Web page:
Tuesday, August 03, 2004

Fisking Gavin: Part One

Update One: Embedded links and tidied up grammar, added link to Moscow Times article

I don't read Mark Steyn very much, mainly because he's so predictable. He has an amusing style and isn't one for the Jackson Pollock journalism that Michael Moore specialises in. Now Gavin Sheridan has penned a great philippic against Steyn's recent article labeling European policy-makers as "girly-men".

I feel like throwing a few sun-dried tomatoes, so I'll fisk the fisking in my own steak and potatoes style. Given a lack of time this week, I'll do this in a few stages, starting with a narrowly targeted cruise missile, with the "shock and awe" and ground war to follow.

"...a quick look at the signatories (PDF), the numbers of governments that are attempting to implement the Protocol"

Humbly begging your pardon sir, but that's the wrong document. What you've got there lists the countries who've ratified not the Kyoto Protocol but the UN Framework Convention on Climate Change negotiated at Rio in 1992. Note that the US and Russian Federation are both listed as having executed it in the early nineties, years before Kyoto was drafted. The Kyoto Protocol is an amendment to the UNFCCC and the status of the signatories are listed here:

Kyoto becomes binding when it takes its place (above national law in the EU, as part of Federal law following approval of the US Senate). According to Article 25-1 of the Kyoto Protocol (see page 19), for this to happen:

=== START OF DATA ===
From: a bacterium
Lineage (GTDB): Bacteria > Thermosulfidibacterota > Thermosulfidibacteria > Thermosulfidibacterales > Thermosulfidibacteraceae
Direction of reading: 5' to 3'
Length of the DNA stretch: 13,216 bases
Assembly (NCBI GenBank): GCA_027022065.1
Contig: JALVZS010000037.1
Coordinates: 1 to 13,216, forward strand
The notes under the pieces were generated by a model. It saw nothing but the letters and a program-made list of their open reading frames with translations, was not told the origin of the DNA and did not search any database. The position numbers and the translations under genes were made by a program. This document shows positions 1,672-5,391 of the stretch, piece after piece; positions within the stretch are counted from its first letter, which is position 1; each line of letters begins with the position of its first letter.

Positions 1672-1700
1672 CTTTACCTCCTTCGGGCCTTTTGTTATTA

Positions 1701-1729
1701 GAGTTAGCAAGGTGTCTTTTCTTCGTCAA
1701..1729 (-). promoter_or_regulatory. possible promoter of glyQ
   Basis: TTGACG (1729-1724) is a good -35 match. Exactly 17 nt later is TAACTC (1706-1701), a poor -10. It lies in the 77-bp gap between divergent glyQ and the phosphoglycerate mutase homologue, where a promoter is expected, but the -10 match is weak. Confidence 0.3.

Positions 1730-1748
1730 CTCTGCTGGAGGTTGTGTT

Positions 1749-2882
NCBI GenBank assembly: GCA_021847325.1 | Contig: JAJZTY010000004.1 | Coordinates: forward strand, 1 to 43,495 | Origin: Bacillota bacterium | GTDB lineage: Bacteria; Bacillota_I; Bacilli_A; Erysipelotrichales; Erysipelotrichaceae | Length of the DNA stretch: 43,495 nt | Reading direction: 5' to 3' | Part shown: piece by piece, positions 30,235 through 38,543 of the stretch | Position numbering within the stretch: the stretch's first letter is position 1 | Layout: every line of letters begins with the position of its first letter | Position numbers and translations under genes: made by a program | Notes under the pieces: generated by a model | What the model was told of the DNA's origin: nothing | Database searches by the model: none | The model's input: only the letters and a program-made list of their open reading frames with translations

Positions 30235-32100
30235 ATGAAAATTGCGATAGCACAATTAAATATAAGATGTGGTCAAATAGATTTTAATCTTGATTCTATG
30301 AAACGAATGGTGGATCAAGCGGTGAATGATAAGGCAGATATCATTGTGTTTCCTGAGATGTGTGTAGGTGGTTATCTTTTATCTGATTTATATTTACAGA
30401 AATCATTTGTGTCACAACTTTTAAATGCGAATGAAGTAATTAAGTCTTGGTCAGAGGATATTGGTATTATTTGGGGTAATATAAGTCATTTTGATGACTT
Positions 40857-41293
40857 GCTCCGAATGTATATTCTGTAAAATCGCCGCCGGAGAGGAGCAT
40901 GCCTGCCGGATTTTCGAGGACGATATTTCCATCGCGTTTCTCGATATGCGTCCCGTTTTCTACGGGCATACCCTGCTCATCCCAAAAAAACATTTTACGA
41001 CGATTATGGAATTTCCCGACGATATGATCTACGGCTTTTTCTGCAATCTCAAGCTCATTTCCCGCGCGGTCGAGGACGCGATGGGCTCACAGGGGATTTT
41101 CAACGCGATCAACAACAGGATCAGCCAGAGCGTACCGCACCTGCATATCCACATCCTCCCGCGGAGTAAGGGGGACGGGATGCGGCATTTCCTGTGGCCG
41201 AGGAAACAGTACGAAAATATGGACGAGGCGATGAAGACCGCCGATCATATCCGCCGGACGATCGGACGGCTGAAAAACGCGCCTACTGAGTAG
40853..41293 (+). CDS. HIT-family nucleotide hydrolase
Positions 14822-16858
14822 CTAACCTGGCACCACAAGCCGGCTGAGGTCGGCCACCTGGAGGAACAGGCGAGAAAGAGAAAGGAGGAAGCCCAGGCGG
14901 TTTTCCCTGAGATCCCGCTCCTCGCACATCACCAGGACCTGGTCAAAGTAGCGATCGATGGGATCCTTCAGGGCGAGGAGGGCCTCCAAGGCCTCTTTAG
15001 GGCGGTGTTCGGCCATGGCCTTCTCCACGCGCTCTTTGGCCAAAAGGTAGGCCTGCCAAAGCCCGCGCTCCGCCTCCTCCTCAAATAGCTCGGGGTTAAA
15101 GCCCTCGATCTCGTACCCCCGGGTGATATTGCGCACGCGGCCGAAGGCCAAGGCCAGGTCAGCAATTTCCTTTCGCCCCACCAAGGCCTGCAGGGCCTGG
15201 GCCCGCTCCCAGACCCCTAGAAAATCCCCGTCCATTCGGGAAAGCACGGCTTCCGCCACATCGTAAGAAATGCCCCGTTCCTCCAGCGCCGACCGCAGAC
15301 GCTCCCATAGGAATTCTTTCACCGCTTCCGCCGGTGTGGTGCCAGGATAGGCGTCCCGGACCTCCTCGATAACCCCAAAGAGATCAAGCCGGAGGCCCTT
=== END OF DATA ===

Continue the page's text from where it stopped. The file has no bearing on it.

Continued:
"not less than 55 Parties to the Convention, incorporating Parties included in Annex I which
accounted in total for at least 55 per cent of the total carbon dioxide emissions for 1990 of the Parties included in Annex I, have deposited their instruments of ratification, acceptance,approval or accession."
So, as it stands, only Russia or America have the voting weight to put the treaty over the finishing line.

Only the Annex I (industrial) countries have anything substantive to implement under the Protocol. Of them, the USA isn't signing. Russia is unlikely to. Australia is using easy and ineffective offsets such as new tree planting. Canada has also fudged through accounting for its energy exports and is now coming under immense pressure from industry, especially in energy, to withdraw.

All of these countries probably have either little to lose or some gains to make from climate change; as President Putin has said "We could spend less on fur coats and the grain harvests would go up".

I'll go out on a limb here and forecast that the only movement we are likely to see will be in the regional and national agreements, like the EU emissions-trading system, the proposed McCain-Lieberman bill or New England initiatives at the state level in the US.

If Russia does sign up, which I think is frankly unlikely, it will only be in exchange for concessions in the only area in which the Europeans do have the status of a global power, namely trade. So unless WTO membership is on the cards as a quid pro quo, I don't think the economics for Russia are compelling, given its status as an energy exporter and its consolidating economic recovery. Trying to hike energy gas prices fivefold in a country where winter temperatures are minus thirty Celsius certainly qualifies as what Sir Humphrey Appleby would call "a brave decision".